As have most cultural productions of its scale, the 53rd Venice Biennale, “Fare Mondi,” or “Making Worlds,” will be subject to a heightened level of scrutiny in light of recent world events — namely, of the financial variety. There’s something to be said for an endeavor that remains so relentlessly optimistic in these dark, if not pitch black times. Indeed, it is no small feat to shirk the psychic weight of an economic crisis that has decimated global markets, the trickle-down effect of which has shaken up the largely insular — and thus, seemingly impervious — art world. When recently asked how the credit crunch might affect the Biennale, artists and curators of the Danish and Nordic Pavilions Michael Elmgreen & Ingar Dragset drolly replied, “There will be less champagne.” Their ennui belies a certain truth: Infinitely adaptable, the Venice Biennale always soldiers on.
It’s worth recalling that the Venice Biennale was conceived as a demonstration of civic savoir-faire. Proposed in 1893 as the Biennial Exhibition of Italian Art (Sposizione Biennale Artistica Nazionale) the Biennale’s plan provided for the exhibition of foreign artists’ work. Under the stewardship of Secretary General Antonio Fradeletto, The First International Art Exhibition of the City of Venice (Esposizione Internazionale d’Arte della Città di Venezia) was inaugurated in 1895 in the presence of the King and Queen, Umberto I and Margherita di Savoia to great acclaim: 224,000 visitors clamored to see the new exhibition hall (Palazzo delle Esposizione) in the Giardini di Castello.
Initially named “Pro Arte,” the building was subsequently re-dubbed “Pro Italia,” an assertion of national pride that appealed to the sensibilities of American industrialist Andrew Carnegie, who has just recently established the Carnegie Institute in Pittsburgh, Pennsylvania. Citing a desire to “spread goodwill among nations through the international language of art,” Carnegie delivered a rejoinder the following year, in 1896, in the form of the first Annual Survey of his growing collection (now known as the quadrennial Carnegie International). If the troves of exotic taxidermy specimens that haunt the Carnegie Museum of Natural History’s hallowed halls are any indication — Carnegie killed many of them during his lavish hunting expeditions — “goodwill” was a serious sport with transnational implications. The game, as it were, was on.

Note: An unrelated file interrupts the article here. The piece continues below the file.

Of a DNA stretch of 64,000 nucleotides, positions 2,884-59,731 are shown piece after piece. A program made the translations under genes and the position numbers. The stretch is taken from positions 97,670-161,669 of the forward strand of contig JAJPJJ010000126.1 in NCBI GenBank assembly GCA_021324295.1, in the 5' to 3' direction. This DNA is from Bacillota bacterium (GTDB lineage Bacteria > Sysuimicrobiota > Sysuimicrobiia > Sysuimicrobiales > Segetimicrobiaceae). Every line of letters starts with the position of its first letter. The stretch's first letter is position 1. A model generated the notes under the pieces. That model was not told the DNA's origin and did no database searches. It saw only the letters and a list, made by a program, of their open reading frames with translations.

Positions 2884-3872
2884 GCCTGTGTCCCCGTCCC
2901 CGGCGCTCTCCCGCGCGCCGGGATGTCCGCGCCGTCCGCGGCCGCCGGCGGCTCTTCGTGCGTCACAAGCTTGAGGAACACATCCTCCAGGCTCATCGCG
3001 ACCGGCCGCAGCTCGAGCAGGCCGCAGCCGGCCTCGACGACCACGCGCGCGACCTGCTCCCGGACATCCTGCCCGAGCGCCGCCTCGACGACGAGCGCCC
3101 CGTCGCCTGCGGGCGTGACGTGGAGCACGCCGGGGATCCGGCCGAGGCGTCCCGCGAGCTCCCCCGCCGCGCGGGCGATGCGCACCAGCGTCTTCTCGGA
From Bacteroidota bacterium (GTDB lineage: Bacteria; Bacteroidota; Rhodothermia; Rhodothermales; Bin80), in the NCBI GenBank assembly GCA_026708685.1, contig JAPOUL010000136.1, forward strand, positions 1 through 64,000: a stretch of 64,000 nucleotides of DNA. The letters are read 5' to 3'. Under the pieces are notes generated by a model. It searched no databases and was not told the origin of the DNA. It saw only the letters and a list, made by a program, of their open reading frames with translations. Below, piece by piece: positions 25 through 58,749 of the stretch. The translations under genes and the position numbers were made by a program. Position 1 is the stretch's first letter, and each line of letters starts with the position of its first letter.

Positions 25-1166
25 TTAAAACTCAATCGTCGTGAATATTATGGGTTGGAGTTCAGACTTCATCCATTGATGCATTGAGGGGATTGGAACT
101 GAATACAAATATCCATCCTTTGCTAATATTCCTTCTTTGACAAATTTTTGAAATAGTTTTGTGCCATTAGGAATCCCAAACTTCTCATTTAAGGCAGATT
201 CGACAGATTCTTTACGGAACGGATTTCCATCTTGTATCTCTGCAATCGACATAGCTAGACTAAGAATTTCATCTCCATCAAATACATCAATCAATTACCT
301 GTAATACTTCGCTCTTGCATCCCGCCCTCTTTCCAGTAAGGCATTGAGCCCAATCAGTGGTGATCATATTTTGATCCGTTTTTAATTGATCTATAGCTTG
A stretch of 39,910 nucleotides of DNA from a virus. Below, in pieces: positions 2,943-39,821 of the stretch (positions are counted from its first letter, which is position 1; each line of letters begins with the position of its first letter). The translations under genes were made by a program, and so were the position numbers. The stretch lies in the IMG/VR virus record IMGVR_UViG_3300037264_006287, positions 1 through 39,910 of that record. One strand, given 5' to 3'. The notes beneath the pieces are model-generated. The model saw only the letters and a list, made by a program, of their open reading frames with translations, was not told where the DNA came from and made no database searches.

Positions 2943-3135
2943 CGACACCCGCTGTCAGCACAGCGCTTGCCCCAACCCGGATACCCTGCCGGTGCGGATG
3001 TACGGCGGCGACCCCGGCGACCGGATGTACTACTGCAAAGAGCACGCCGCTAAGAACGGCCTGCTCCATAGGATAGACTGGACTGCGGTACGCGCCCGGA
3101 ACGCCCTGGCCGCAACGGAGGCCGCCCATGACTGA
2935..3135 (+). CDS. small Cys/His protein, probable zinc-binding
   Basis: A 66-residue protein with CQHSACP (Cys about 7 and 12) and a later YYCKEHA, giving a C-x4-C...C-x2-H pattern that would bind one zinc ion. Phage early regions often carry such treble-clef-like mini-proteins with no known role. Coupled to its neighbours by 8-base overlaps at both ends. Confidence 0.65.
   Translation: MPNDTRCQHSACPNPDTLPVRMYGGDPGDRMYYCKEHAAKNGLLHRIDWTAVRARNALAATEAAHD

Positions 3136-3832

Back in Venice, Belgium built the first national pavilion in 1907, and by 1914, Russia, Hungary, Germany, France, and Great Britain had staked their own claims in the Giardini. (Incidentally, the U.S. pavilion didn’t open until 1930.) The 4,000-odd miles between the United States and Italy seemed to grow shorter over time as national borders (both physical and metaphorical) were erased and re-drawn by history — the Biennale was shuttered during both World Wars, the protests of 1968, and the presidency of Carlo Ripa di Meana from 1974-1978 — or technology, as with this year’s first Internet Pavilion, an ostensibly state-less entity produced by the Art Production Fund. The proliferation of such fairs and exhibitions has only grown with time; they now number well into the hundreds, giving art-world globetrotters a perennial itinerary of far-flung destinations on their endless quest for contemporary art.
In his introductory statement, Biennial curator Daniel Birnbaum considers the artwork a means of “world-making.” If such cosmic possibilities do exist, vague though they may be, then current affairs should prompt us to question what sorts of worlds are being made. At the very least, the Biennale has expanded its purview: Montenegro, Monaco, Gabon, Union of the Comoros, and the United Arab Emerates will exhibit for the first time, a hopeful expansion of the fair’s decidedly Euro-centric purview. From Elmgreen & Dragset‘s “The Collectors,” an exhibition in the form of several domestic environments curated by artists, to Icelander Ragnar Kjartansson‘s re-staging of the Venetian waterfront, the artists featured in this year’s Biennale are acutely aware of their surroundings. One can only hope that they — and the Biennale — will stay grounded.